To explore the online exhibition, see: Then & Now

The Then & Now project was conceived by Dr. Kathryn Woods, formerly Director of Student Experience for the Arts Faculty, to coincide with the faculty’s move into a new building in 2021. The main research aim of this student-led project was to explore the experiences of Arts and Humanities students at Warwick from 1965 to the present. In addition to tapping directly into the experiences of current and former students through oral history interviews, the project examined the art and architectural heritage of the Humanities building, the evolution and expansion of the courses and departments within the faculty, the extra-curricular sides of student life (socialising, sports and societies, student politics) which contribute so much to the vibrancy of Warwick’s campus, and attitudes towards inclusivity and widening participation. A variety of research materials were exploited, including interviews with current and former students, university archives and student publications held in the Modern Records Centre, and the Student Union archives. Social media was actively and strategically used to promote engagement with the project and collaboration was sought with key figures associated with the new faculty building, such as artist Matthew Raw. The project straddled the Coronavirus lockdown, an unforeseeable hurdle which posed significant challenges to the students and necessitated some changes in direction but which made the completion of the project all the more enriching and worthwhile.

Students, both undergraduate and postgraduate, were recruited from across the Arts faculty as of October 2019. The project aimed to promote a greater sense of learning community within the faculty and recruiting a diverse cohort of students to engage in teamworking was an effective way of doing this. Hopefully, the success of this project will encourage more student-led and interdisciplinary research projects within the faculty in the future, perhaps even embedded within students’ curricula.

The interdisciplinary make-up of the group brought a far wider skill-set and more diverse approach to the table than if the students had all come from one department. For instance, where History of Art students are perhaps more at home with material relating to the faculty’s art collection or the building’s architecture, History students are perhaps more used to documentary sources or interviews. The students involved in the project were:

  • Lu Chen, Centre for Cultural and Media Policy Studies
  • Emma Foottit, School of Modern Languages and Cultures
  • Christopher Hofmann, Politics and International Studies
  • Angela Kim, Centre for Cultural and Media Policy Studies
  • Alejandra Lechuga Alvarez, Centre for Cultural and Media Policy Studies
  • Nannan Liu, Centre for Cultural and Media Policy Studies
  • Emma Lovell, History of Art
  • Eilidh McKell, History of Art
  • Malina Mihalache, History of Art
  • Shai Mitchell, History of Art
  • Hannah Oliver, Global Sustainable Development
  • Louise Olof-Ors, History of Art
  • Yu Peng, Centre for Cultural and Media Policy Studies
  • Elena Ruikyte, Centre for Cultural and Media Policy Studies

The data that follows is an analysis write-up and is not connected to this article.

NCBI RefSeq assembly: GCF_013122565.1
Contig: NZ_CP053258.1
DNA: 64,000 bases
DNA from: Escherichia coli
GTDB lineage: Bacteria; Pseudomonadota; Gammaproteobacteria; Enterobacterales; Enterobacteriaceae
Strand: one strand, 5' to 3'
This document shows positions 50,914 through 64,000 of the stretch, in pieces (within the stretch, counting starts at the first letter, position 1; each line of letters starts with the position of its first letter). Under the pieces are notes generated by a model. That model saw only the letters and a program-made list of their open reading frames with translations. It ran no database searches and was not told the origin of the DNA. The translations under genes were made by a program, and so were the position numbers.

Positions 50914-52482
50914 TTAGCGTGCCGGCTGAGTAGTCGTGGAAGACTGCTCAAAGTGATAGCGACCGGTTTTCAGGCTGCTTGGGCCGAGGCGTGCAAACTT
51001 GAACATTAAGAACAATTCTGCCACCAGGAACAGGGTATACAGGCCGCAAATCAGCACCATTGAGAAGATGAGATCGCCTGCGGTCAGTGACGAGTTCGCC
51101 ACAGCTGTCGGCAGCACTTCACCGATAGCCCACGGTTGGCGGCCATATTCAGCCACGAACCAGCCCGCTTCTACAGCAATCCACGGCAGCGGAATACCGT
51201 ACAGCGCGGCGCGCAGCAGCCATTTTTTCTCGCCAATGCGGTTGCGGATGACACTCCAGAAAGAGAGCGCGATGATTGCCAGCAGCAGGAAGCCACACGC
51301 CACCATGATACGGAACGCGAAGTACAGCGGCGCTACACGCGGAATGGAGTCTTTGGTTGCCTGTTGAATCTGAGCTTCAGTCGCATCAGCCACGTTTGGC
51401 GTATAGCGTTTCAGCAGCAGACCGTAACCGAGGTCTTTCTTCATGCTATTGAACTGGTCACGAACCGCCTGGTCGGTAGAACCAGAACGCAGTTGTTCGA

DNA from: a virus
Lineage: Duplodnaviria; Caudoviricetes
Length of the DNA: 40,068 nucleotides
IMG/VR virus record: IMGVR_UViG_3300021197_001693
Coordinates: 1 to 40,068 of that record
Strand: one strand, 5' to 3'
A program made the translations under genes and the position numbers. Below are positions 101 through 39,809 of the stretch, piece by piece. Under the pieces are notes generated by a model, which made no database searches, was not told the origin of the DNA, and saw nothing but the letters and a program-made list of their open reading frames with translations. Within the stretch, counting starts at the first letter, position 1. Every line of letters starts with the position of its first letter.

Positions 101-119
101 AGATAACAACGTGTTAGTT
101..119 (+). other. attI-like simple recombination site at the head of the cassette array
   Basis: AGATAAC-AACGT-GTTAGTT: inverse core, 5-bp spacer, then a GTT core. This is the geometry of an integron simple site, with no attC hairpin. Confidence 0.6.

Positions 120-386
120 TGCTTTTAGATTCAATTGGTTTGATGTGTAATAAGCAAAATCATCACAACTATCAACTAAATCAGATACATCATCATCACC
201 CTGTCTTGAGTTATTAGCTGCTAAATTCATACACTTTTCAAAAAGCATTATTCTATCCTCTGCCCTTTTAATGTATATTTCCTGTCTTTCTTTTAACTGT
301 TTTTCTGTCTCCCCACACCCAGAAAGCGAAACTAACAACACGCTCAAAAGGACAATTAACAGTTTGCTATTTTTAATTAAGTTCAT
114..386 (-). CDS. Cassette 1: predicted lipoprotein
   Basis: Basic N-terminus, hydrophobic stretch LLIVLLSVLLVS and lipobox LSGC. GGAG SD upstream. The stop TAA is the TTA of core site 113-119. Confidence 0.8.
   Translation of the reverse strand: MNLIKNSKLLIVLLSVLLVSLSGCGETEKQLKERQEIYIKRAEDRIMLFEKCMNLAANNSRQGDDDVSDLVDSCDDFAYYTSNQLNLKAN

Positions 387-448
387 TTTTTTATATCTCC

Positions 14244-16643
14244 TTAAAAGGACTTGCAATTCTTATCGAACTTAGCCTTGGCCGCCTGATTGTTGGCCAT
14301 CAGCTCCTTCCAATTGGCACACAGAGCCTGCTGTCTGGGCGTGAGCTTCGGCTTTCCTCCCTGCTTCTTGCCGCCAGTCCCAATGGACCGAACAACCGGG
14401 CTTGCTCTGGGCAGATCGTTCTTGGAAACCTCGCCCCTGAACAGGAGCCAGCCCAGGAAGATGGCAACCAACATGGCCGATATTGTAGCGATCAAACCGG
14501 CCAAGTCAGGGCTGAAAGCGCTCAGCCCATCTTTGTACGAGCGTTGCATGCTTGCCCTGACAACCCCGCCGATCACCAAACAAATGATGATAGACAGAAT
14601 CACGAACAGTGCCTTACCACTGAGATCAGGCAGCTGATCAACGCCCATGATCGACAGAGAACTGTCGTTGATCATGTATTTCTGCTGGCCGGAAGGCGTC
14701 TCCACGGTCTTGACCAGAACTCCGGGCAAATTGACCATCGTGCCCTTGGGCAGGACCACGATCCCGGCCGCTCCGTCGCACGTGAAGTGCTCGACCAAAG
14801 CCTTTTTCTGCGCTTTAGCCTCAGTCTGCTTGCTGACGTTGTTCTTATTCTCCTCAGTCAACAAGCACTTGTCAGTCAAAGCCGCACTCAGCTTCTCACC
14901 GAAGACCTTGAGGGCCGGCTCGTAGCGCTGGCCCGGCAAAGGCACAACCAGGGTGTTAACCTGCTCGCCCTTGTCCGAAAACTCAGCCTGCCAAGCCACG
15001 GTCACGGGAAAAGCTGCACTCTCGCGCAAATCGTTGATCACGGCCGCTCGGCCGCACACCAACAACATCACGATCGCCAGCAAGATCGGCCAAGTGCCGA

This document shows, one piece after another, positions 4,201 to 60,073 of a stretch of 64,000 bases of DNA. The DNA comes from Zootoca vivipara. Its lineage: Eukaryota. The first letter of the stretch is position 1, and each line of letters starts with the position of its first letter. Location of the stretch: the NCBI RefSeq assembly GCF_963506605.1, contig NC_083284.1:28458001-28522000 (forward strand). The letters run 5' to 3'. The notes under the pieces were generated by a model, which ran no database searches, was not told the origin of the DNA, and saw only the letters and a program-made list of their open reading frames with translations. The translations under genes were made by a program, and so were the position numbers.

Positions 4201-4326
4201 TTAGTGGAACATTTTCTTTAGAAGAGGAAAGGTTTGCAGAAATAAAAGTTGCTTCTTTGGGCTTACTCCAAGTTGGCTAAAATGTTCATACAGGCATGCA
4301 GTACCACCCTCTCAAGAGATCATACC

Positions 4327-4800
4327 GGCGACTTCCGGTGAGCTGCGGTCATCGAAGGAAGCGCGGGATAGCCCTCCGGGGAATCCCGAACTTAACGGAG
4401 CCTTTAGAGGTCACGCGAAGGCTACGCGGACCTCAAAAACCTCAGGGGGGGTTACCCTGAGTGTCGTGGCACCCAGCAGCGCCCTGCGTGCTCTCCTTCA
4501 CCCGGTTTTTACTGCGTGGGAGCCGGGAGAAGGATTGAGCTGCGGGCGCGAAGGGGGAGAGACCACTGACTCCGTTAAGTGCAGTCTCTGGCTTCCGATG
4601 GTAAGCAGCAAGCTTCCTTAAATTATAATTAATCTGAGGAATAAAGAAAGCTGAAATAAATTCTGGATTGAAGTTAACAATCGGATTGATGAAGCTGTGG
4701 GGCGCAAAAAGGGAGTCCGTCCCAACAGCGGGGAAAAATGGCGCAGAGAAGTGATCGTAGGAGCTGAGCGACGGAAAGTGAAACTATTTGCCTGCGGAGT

• Meg Russell, Film and TV Studies
  • Anna Clara Semenzato, History of Art
  • Lauren Sleight, History
  • Madeleine Snowdon, History of Art
  • Hannah Tickle, Global Sustainable Development

The students were supported by Elizabeth Woods, Assistant Archivist at the Modern Records Centre, and Melissa Downing, Widening Participation Officer at the Library. The experience of such senior colleagues was of great help to the students, for instance in learning to use archive material.

The Project Process

With the students recruited, the project began in earnest. Initial steps in the autumn term included familiarising the students with the resources they would be using, such as the Modern Records Centre archives. It was necessary to establish the particular interests of each student to enable the division of the group into smaller teams focused on particular aspects of the project. A Microsoft Teams space was set up and regular in-person meetings convened to facilitate collaboration between the smaller teams.

The main groupings were Digital Team, Interview Team, and Research Team. The Digital Team focused on developing a coherent social media strategy for the project and on initial plans for the exhibition; this would leave them well placed to pull together the material accumulated by the other teams when the exhibition drew near. The Interview Team was tasked with uncovering the student experience from amongst alumni and current students. Before any actual interviewing, this required liaising with the university’s alumni services to find potential interviewees, refining which topics interviews should cover, learning about oral history interviewing technique, and preparing documents for ethical clearance and participant consent forms. The Research Team focused on the various archives held across the Modern Records Centre and the Students Union, as well as the Mead Gallery..

By the spring term, the project was in full swing. The Digital Team had a timeline in place counting down to the exhibition and a style guide for social media to make posts about the project look professional (both pictured). The entire cohort had collaborated on initial ideas for how the exhibition might be laid out and what format a launch party might take (pictured). The themes being discussed for the exhibition were the fruits of the materials the Research Team had discovered across the various archives. The Interview Team, meanwhile, had prepared the consent forms, secured ethical approval, decided which topics to focus the interviews on, and were making arrangements for conducting face-to-face interviews; it was at this stage that I came into the project, to provide guidance for the Interview Team.

Fig.1: Digital Team’s timeline

Fig. 2: Digital Team’s style guide for social media/project branding